Seafood is sustainable and the nutrition it provides could be more than beef, pork, and chicken, says an article published in the online version of Communications Earth & Environment. Governmental policies to promote seafood in diets, and substitute other animal protein could help to improve food security in the future and help address climate change.
Meanwhile, at present, human diets need to become more nutritious, while reducing impact on the environment, to serve the exploding world population. Seafood is a good source of fatty acids, protein, vitamins, and minerals, and previous research demonstrates how replacing meat with seafood in diets has potential environmental benefits.
In fact, food policies to reduce carbon footprint of future diets are usually centered on plant-based ‘green diets’, and disregard the potential of seafood-based diets.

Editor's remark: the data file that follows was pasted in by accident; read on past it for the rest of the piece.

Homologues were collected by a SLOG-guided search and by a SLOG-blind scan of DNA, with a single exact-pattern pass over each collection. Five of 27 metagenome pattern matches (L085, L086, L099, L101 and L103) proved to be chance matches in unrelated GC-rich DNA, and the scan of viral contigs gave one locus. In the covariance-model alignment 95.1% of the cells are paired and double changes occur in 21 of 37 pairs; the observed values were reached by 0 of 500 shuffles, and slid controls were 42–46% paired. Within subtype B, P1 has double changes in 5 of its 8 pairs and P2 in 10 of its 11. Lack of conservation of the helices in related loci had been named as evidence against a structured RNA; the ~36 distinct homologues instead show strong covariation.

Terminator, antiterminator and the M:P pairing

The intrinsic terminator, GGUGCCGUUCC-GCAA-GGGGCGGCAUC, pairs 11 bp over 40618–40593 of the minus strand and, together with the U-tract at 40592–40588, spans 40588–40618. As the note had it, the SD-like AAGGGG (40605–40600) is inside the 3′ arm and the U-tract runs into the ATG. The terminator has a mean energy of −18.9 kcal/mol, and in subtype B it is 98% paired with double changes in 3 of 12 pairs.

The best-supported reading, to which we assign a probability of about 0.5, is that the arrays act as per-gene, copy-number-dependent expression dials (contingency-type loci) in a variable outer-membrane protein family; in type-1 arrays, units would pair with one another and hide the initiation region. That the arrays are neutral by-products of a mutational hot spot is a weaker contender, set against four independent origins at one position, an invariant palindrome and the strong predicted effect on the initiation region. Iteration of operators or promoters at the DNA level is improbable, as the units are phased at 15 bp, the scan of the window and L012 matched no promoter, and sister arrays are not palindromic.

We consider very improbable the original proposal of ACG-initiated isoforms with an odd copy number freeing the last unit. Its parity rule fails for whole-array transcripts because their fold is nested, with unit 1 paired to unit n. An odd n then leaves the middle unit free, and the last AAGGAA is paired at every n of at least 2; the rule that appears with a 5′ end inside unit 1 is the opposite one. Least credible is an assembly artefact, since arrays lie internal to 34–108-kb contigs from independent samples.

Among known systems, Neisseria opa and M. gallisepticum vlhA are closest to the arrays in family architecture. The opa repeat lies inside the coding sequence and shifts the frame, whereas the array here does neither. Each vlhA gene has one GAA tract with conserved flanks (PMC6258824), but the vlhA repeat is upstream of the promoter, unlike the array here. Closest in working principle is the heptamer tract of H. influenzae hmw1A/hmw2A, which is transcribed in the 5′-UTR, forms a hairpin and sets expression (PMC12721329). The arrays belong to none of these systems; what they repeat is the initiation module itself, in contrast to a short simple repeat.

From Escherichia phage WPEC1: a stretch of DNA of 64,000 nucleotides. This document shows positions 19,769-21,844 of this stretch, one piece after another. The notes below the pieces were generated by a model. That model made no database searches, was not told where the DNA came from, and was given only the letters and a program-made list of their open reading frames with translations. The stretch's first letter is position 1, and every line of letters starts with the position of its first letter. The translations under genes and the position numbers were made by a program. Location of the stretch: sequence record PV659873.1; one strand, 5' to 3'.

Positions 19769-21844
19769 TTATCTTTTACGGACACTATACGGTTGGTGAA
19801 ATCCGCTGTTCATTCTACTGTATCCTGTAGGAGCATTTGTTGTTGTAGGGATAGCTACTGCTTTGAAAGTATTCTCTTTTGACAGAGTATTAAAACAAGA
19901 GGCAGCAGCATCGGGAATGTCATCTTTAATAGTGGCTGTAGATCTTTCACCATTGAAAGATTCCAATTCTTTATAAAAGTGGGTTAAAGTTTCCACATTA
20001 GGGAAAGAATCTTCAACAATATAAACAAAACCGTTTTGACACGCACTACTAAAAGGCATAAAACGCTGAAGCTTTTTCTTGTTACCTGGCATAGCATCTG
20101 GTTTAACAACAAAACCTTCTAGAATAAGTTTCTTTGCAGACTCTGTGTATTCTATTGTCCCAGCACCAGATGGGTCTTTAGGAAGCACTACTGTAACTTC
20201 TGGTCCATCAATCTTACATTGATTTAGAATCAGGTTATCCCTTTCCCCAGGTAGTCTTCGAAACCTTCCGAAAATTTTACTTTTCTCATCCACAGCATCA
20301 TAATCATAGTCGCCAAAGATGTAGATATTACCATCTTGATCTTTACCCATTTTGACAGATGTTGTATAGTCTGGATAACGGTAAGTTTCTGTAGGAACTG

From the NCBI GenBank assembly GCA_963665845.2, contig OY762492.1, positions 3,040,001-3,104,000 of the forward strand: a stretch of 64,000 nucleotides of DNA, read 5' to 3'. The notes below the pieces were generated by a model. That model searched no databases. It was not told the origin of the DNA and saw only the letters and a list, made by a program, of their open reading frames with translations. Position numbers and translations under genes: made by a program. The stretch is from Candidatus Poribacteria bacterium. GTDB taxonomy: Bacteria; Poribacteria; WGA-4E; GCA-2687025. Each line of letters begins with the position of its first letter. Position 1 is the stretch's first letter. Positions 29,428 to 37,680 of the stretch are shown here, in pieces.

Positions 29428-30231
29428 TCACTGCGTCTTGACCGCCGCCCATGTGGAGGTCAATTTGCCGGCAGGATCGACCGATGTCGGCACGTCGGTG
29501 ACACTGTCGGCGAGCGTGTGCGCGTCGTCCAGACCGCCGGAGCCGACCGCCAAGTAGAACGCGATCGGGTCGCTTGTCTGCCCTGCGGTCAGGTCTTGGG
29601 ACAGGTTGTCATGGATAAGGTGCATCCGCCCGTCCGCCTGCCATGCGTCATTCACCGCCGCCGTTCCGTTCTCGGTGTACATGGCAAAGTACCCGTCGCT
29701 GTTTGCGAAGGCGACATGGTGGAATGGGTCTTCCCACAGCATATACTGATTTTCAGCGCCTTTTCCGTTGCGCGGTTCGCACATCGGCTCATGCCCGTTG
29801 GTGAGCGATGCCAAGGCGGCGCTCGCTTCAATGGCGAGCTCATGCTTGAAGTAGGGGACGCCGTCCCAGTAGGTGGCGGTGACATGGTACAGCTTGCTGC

A team of researchers examined the nutrient density and climate impacts of wild-caught and farmed sources of seafood that are globally important, from a large range of aquaculture and fishery sources in 2015. It was found that wild-caught herring, salmon, mackerel, and anchovies, as well as farmed oysters and mussels, had the least climate impact relative to their nutritional value. The nutrient density of half seafood species analyzed was higher, and discharged fewer greenhouse gases than pork, beef, and chicken.
The difference in production and harvesting methods revealed how it creates large variability in the climate impact of each species. For example, to reduce emissions further, the fishing industry should use fuel-efficient fishing technologies and restore depleted stocks, while aquaculture manufactures more unfed fish and shellfish and finds more climate-friendly sources of fish feed.